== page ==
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We Try the Amazon Echo

Rob Pegoraro
Contributing Editor
Yahoo Tech
Amazon Echo

(Rob Pegoraro/Yahoo Tech)

If using Amazon to buy everything from AA batteries to ZZ Top MP3s still leaves you wanting more Amazon, then the Amazon Echo is the device for you.

If, however, you’re looking for a general-purpose hands-free digital helper, we’d recommend Siri, Cortana, or Google Now over the current version of the Echo.

My introduction to this cybernetic cylinder came when Amazon granted a friend’s request for an invitation to buy an early version of the Echo. (Among the many weird things about this product is that you must ask Amazon if it will take your money, please.) As an Amazon Prime subscriber, David paid only $99; the regular price will be $199.

I took notes as I visited David to watch him set up the device and start using it.

Simple setup
We had the Echo out of the box and online in a few minutes, with all the setup work done in a simple Web app. Once the Echo is configured, you don’t need to touch or click a single button; just say Echo’s “wake word” — by default “Alexa” — and then speak your request.

Amazon Echo setup screen

As Amazon’s FAQ explains, the Echo doesn’t go online to stream your speech to its hive mind until you say that wake word, and you can turn off the microphone entirely. So, no, the Echo is not an equivalent of the always-on Telescreen in George Orwell’s Nineteen Eighty-Four.

An LED ring at the top of the Echo glows as it consults various cloud services for the answers you want. Sometimes it works, and sometimes Echo stumbles into unintentional comedy, with crazy answers read out by a soothing, synthesized female voice.

We found Echo did best as a no-hands way to get the forecast, the time, and the news (from NPR, the BBC, and elsewhere), to add items to shopping lists, and to play music (from your Amazon cloud library, Prime Music streaming, iHeartRadio, and TuneIn). I said, ”Play the latest episode of the podcast 99% Invisible,” and moments later we were hearing about the world’s longest-burning light bulb.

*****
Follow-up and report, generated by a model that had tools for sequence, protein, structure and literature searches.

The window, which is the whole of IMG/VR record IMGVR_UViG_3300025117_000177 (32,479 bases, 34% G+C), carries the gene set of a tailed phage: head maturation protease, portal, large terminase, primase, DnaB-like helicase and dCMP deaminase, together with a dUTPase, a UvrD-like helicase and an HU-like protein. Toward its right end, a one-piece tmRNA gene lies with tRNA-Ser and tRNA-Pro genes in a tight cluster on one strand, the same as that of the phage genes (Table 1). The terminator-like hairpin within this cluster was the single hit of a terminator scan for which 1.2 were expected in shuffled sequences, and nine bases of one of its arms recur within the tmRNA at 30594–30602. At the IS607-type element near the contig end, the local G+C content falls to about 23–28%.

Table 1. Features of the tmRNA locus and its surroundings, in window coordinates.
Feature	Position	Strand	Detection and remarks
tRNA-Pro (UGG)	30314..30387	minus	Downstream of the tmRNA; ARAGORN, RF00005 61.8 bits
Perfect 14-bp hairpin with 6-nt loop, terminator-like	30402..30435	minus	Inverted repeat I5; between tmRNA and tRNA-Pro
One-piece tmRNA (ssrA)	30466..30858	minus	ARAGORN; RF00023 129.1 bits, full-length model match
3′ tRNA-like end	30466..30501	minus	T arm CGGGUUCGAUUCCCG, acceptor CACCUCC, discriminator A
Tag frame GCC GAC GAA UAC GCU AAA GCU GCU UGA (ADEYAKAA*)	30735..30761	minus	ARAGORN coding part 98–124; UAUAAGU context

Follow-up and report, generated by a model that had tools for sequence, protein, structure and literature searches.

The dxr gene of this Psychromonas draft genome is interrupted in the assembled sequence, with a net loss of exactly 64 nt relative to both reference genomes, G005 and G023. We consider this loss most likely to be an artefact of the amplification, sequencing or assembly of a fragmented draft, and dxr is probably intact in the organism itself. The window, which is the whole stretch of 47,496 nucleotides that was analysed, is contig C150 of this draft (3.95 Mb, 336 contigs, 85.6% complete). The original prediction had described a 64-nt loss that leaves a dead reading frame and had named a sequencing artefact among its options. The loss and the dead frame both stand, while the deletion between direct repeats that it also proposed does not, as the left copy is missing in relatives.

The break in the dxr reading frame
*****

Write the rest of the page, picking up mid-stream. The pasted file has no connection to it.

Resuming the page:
But simple questions stumped this thing too often.

Not quite conversant yet
The problem wasn’t that Echo misheard us much, even in noisy environments, though we did get a chuckle out of it hearing “How tall is the Vehicle Assembly Building?” as “How tall is the Beer Assembly Building?” It was the oddly outdated answers (or outright lack of information it should have known) that baffled us.

Amazon Echo

(Rob Pegoraro/Yahoo Tech)

Take three sports-related queries. Echo thought that Davey Johnson managed the Washington Nationals (Matt Williams has had the job since fall 2013) and that Donald Sterling owned the Los Angeles Clippers (not so much) and then couldn’t name the quarterback for Washington’s hapless NFL franchise (that’s more forgivable, since the team doesn’t seem to know either).

Echo could cite the distance from D.C. to Richmond but couldn’t offer advice about traffic on those roads or the status of a flight landing there. It could speak a summary of the Wikipedia page about Amazon CEO Jeff Bezos but didn’t know he was the owner of The Washington Post.

Its version of throwing up its hands when it couldn’t answer a question was to say that it had added a Bing search link to the Echo companion app. Helpfully, it cycles through different phrasings of that so you don’t get too bored.

Sometimes Echo failed to acknowledge a question. We were met with silence when David asked, “Do you have any NSA backdoors?” Thanks for putting us at ease, Alexa.

Where Echo lives
The Echo must be plugged in, and I suspect that requirement will see it parked in the kitchen — a room in which people often have their hands full and think of things to add to a shopping list.

Sadly, the Echo was particularly inept with cooking-related queries more complicated than “How many tablespoons in a cup?” It whiffed at questions about medium-rare temperature for a duck breast, calorie counts for a few sample food items, the weight of a cup of flour, and ingredient substitutions.

The Echo comes programmed with joking responses to the usual talking-to-the-computer tropes, so it should definitely work for amusing visitors. Say, “Alexa, open the pod bay doors,” and Echo will respond, ”I’m sorry Dave, I’m afraid I can’t do that. I’m not HAL, and you are not in space.”

As a Bluetooth speaker, the Echo also does fine — it paired with my phone without a problem and generated crisp, clear sound with satisfyingly deep bass. At the $99 Prime price, you could justify buying it for that feature alone. At least, that was my friend’s thinking; his wife is not yet convinced.

I wrapped up my testing with a simple question: “Alexa, are you ready to rock?” I should have expected this response: “I cannot find the answer to that question.”

Email Rob at rob@robpegoraro.com; follow him on Twitter at @robpegoraro.